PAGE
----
Regular roles have a one-month notice period, while executive positions have a three-month notice period. The reason for the termination, the employer's name, social security number, address, the employee's name, date of employment, and professional credentials must all be included in the communication.

Probation period

Probationary periods for indefinite-term contracts are allowed as follows. For hourly employees, probation lasts for 15 days. For monthly wage employees, probation lasts for 1 month. For supervisors, executives, and equivalent positions, probation lasts for 3 months. Probationary periods may be renewed once, and the renewal must be in writing.

Severance pay

There are no regulations in Djibouti labor laws regarding severance payment.

6. Working hours

There is no information about the working hours for this country.

General working schedule

Standard work hours are limited to 47 hours per week, divided into six days of eight-hour days. A minimum of 24 hours of rest, which is typically on Fridays, is required. Evening work is defined as work performed between 10 p.m. and 5 a.m.


Overtime is limited to four hours per day and sixty hours per week. Any hours worked in excess of the stipulated overtime hours require authorization from the labor inspector. However, the additional hours cannot exceed one-tenth of the weekly hours or the number of daily hours. Generally, overtime is compensated at the rates established by convention or collective bargaining.

7. Minimum wage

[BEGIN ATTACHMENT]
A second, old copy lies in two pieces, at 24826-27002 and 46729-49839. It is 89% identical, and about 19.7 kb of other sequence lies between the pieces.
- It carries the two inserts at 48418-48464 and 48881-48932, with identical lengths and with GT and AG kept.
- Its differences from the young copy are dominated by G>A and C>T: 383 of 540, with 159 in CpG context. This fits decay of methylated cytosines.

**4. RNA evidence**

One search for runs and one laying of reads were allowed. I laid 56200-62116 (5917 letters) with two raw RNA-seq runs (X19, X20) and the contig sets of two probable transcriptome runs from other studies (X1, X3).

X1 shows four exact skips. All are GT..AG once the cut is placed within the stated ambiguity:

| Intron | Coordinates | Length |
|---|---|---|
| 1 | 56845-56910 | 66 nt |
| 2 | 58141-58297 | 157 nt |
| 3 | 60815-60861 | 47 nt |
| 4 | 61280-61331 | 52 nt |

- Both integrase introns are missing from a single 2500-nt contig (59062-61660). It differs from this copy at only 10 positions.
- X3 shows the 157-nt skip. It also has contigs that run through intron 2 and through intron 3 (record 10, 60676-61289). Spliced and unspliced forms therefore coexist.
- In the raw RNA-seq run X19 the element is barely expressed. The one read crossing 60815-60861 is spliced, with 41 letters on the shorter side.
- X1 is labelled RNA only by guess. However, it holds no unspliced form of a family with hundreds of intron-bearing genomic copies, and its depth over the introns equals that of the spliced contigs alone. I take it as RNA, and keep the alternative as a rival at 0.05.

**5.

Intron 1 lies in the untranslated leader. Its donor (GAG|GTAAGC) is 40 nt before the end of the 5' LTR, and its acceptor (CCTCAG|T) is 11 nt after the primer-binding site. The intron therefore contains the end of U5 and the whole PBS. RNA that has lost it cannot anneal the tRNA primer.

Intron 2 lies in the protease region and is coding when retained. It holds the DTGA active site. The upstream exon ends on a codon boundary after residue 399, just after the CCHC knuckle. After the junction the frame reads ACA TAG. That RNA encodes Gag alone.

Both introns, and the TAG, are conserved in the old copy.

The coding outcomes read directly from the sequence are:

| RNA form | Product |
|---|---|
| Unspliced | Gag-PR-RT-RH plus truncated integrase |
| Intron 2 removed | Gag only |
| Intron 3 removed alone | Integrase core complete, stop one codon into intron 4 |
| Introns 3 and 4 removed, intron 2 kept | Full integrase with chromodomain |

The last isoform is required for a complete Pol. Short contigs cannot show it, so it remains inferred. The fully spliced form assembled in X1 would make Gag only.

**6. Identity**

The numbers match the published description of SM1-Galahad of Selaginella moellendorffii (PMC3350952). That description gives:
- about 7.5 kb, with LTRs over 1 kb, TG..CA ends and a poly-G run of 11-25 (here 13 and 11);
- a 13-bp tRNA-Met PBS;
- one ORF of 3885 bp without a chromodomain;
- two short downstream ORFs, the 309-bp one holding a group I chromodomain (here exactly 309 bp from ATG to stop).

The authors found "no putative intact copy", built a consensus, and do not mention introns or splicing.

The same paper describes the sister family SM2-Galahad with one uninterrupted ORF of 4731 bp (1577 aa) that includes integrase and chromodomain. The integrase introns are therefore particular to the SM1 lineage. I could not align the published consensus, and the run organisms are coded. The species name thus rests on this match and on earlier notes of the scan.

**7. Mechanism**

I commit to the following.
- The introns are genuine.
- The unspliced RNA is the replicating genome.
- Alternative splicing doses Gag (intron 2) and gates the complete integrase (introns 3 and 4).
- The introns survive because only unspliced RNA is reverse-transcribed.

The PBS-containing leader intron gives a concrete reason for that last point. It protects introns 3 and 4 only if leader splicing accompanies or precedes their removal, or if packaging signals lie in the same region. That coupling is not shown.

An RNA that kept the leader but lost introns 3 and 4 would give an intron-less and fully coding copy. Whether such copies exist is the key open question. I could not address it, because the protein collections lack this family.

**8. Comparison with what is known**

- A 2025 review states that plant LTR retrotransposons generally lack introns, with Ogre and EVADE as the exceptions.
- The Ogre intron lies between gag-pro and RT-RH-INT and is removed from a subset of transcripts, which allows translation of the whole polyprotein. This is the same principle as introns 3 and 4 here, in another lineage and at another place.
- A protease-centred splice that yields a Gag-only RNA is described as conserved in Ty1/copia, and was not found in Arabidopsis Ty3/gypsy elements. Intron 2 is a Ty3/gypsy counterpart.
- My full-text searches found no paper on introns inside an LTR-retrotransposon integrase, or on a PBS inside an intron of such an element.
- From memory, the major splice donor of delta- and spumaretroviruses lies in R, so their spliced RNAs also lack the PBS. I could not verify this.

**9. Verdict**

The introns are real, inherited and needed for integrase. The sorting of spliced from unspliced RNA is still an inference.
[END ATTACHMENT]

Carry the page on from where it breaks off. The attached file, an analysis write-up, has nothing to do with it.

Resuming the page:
There is no information about the minimum wage for this country.

As part of the 2006 Labor Code, Djibouti abolished its national minimum wage in favor of occupational categories. Wages are now set by employers and employees as part of an employment contract. The minimum wage in the public sector is 35,000 DJF, or about $198 per month. The last time this was changed was in 2015.

8. Employee benefits

There is no information about the employee benefits for this country.

Some employers in Djibouti offer health insurance. Both public and private healthcare insurances are available.

9. Taxes

There is no information about the taxes for this country.

Corporate tax

Djibouti is a tax-free jurisdiction. Corporations are not subject to income, capital gains, profit, or other types of direct taxes, regardless of their residency status.

Individual income tax

Djibouti is a tax-free jurisdiction. Corporations are not subject to income, capital gains, profit, or other types of direct taxes, regardless of their residency status.

VAT, GST and sales tax

Djibouti is a tax-free jurisdiction. Corporations are not subject to income, capital gains, profit, or other types of direct taxes, regardless of their residency status.

10. VISA and work permits

There is no information about VISA and work permits for this country.

Djibouti's visa policy regulates who is allowed to visit the Eastern African nation without a visa and which foreign people need a visa for Djibouti.

Whether or not a visa for Djibouti is needed, all visitors must provide a passport valid for at least 6 months from the date of arrival in order to obtain admission. Proof of a confirmed ticket for further or return travel may also be required.

At the moment, only two nations do not need a visa to enter Djibouti. All other foreign nationals, regardless of length of stay or reason for travel, must obtain an authorized visa to enter the African Republic.

Citizens of the vast majority of nations throughout the globe may now apply for an eVisa to Djibouti. To speed admission into the nation for foreign visitors, a simple online Djibouti visa application was created. It removes the need to stand in huge lines at border crossings to apply for a visa on arrival.

A Djibouti eVisa may be obtained for tourist, business, or transit reasons. The online Djibouti transit visa allows for a 3-day stay, while a tourist or business eVisa allows for a single entry stay of up to 31 days.